The final match, as the others, was no contest, a race in name only, and for the 17th straight time an American defender had turned back a challenger.
What was the reason for the great superiority of Columbia over Sceptre? Before competition began in the spring, it was generally agreed that hull differences between challenger and the ultimate defender would be slight, due to the rigid requirements of the International Rule of measurements; crews and sails would probably make the difference. And so it proved with the four American candidates. Hulls seemed the factor least important in over-all performance.
When Sceptre appeared on her mooring in Newport, the general impression among yachtsmen was as mine had been on the Solent in May: a handsome and powerful vessel, differing somewhat from American practice, but in no way unconventional or suffering by comparison. All hands were impressed by Helmsman Graham Mann and his crew, and the businesslike way both sailing and nonsailing members of the organization went about the job of preparation. Yet, the moment Sceptre was first hauled from the water and her underbody exposed to critical view, most experts felt a premonition of disaster. The apple bow, bulbous keel section, scant lateral plane, sharply raked rudder, slack bilges—all added up in American eyes to poor performance. I felt a deep stab of amazement—and worry, wishing her well—as I stood below and analyzed her shape. Briggs Cunningham best summed up my feeling during Columbia's celebration on being selected as defender, when he said of the challenger's underbody: "One of us has to be wrong." Unspoken was the conviction that Olin Stephens, who had turned out an even faster boat than Vim, would not be the one.
When Sceptre was pitted against the defender her speed deficiency was apparent in all conditions. Watching from Columbia's tender, Chaperone, Howard Fuller commented: "She's not a light-weather boat, nor a moderate-weather boat, nor a heavy-weather boat—she's a no-weather boat." Sceptre unquestionably had a poor hull form. In her case, it was the decisive factor, although bad sails compounded the situation by failing to supply maximum drive to a shape which needed all the push it could get.
Sceptre's failure undoubtedly began with the tank tests. As the British were unable to organize more than one syndicate to produce more than one boat, they asked four prominent designers to submit drawings for two 12-meter yachts, one to be conventional, one to be as radical as desired, provided it would measure in the class. These eight models were towed in the tanks of Saunders-Roe, on the Isle of Wight, a firm which specializes in aircraft and high-speed motor launches, although it has tested the hulls of a few small racing classes, such as 5.5 meters. Naturally, a model of a known 12-meter yacht had to be used as a comparative yardstick in the tests, and here again is an example of what the British were up against. Before the war, the best British 12 was Tomahawk, designed by Charles Nicholson, who had also designed the Endeavours for T.O.M. Sopwith. Tomahawk was tough competition for Vim when Harold Vanderbilt campaigned on the Solent in '39, and would have been a good point of departure for a new design. Yet, according to a member of the Sceptre organization, "Poor old Charlie was bombed out during the war, and all of his drawings were burned. So we had to use Flica II, which had belonged to Hugh Goodson, as her lines were available." Unfortunately, Flica II had never been a very successful boat.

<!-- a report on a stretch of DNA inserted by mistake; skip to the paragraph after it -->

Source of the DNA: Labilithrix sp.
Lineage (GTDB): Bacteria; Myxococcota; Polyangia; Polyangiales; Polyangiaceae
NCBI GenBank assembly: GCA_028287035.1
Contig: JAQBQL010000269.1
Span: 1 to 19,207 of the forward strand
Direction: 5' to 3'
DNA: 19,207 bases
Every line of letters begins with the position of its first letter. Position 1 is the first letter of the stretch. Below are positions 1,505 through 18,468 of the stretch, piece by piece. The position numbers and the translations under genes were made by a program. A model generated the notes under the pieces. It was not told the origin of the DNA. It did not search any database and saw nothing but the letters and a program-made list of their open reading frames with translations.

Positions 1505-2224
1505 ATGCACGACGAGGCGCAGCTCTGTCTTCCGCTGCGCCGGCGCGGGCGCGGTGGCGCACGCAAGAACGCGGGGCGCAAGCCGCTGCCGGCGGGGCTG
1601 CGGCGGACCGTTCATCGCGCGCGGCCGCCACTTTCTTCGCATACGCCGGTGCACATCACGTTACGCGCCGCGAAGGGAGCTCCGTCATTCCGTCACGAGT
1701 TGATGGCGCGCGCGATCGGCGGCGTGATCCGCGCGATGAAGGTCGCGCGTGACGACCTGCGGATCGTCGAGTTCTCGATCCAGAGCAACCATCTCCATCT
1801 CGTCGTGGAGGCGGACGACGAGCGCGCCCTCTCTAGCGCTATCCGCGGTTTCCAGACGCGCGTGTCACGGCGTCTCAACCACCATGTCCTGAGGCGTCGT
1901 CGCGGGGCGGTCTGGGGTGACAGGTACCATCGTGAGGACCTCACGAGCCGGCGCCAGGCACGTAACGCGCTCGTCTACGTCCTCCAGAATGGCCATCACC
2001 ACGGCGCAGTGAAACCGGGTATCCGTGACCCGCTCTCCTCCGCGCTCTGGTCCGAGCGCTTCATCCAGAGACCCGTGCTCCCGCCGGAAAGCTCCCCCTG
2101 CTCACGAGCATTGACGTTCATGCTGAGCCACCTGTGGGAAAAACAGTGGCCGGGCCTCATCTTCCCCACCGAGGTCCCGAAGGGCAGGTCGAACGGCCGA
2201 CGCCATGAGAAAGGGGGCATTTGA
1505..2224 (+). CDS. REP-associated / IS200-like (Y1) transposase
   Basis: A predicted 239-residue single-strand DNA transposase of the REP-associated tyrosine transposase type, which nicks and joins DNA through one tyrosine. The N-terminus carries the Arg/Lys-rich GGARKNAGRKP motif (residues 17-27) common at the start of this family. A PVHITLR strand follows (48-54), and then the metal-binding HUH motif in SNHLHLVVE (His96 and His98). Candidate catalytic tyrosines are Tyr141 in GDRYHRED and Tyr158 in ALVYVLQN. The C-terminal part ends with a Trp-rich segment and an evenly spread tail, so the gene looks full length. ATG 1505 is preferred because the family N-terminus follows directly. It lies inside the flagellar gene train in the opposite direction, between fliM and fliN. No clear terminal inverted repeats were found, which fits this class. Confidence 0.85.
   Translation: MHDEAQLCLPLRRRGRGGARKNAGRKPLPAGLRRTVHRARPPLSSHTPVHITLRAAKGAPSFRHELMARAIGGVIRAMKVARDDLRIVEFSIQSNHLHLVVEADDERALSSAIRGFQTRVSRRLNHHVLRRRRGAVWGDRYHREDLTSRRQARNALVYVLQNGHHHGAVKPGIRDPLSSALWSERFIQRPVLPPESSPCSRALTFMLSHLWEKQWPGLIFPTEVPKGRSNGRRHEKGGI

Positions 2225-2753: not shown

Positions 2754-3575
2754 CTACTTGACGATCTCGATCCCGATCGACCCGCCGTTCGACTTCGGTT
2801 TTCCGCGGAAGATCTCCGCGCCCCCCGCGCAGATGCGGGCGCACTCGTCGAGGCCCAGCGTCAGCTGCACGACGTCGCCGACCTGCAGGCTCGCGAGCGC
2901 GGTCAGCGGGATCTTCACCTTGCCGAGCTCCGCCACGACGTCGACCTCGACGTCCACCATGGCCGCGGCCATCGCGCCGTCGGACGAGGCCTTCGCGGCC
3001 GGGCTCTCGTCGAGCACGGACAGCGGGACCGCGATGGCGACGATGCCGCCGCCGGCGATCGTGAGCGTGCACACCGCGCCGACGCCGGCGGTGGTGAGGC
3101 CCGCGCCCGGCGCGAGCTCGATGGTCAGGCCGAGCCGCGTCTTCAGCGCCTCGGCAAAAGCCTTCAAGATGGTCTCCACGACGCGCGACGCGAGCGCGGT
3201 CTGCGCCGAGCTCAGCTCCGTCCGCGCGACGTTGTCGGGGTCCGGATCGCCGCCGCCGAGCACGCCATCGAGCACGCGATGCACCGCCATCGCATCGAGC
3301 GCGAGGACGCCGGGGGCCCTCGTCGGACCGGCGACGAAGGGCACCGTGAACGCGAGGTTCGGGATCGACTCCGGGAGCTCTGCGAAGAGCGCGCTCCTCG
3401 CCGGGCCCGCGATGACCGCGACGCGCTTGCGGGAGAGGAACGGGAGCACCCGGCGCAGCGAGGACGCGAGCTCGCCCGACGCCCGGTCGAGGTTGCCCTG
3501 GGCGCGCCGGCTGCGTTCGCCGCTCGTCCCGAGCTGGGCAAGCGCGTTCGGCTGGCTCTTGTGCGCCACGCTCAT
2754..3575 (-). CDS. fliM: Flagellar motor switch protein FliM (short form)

As the tests proceeded, the four designers formed a committee to evaluate the tests. Tank results are admittedly tricky, and understanding and applying them to full-size vessels takes much practice and experience. The English had no equivalent to the late Dr. Kenneth S. M. Davidson, developer of accurate tank testing at Stevens Institute in Hoboken, N.J., where the American designs were towed. The committee chose the design of David Boyd, and the Royal Yacht Squadron syndicate immediately gave an order for construction. As Hugh Somerville of the London Times wrote last week, "Poor fellows.... It appears that they were beaten on July 13, 1957 when Sceptre's corpulent form came out of the test tank."
WAVES IN A TANK
Gossip had it that one of the reasons for Sceptre's poor performance was that the British hulls were tested in a tank where waves—actual sea conditions in a fresh wind—could not be simulated. This implies that the defender enjoyed this advantage. It did not. As Rod Stephens explained: "It is difficult to agitate the waves from the proper direction—going to windward, waves come from an angle on the bow, not dead ahead. It may work eventually, but so far the data is not trustworthy. So we didn't use it on Columbia."
In the wake of the cup matches it is easy to point out flaws and deficiencies in the British effort. Monday-morning afterguards are criticizing the inexperience of the crew, especially their youth. However, selection was made on the basis of actual performance aboard Sceptre and her trial horse, Evaine, and the best available candidates were chosen from those able—in the British economy—to afford the luxury of an entire summer of sailing. There has been censure of the size of the syndicate, yet this, too, was dictated by economic necessity, and the members' sincerity is evidenced by the fact that none sailed aboard, feeling others were more competent.
Naturally, in so large a group there was inertia and oversight: Sceptre did not have equipment requested months before the matches by her navigator, and, thanks to the "heavy-weather" fixation, proper sails for light air were not provided. Yet, given the hull of Sceptre, it is doubtful if Columbia's crew could have made her a winner even with their great inventory of sails.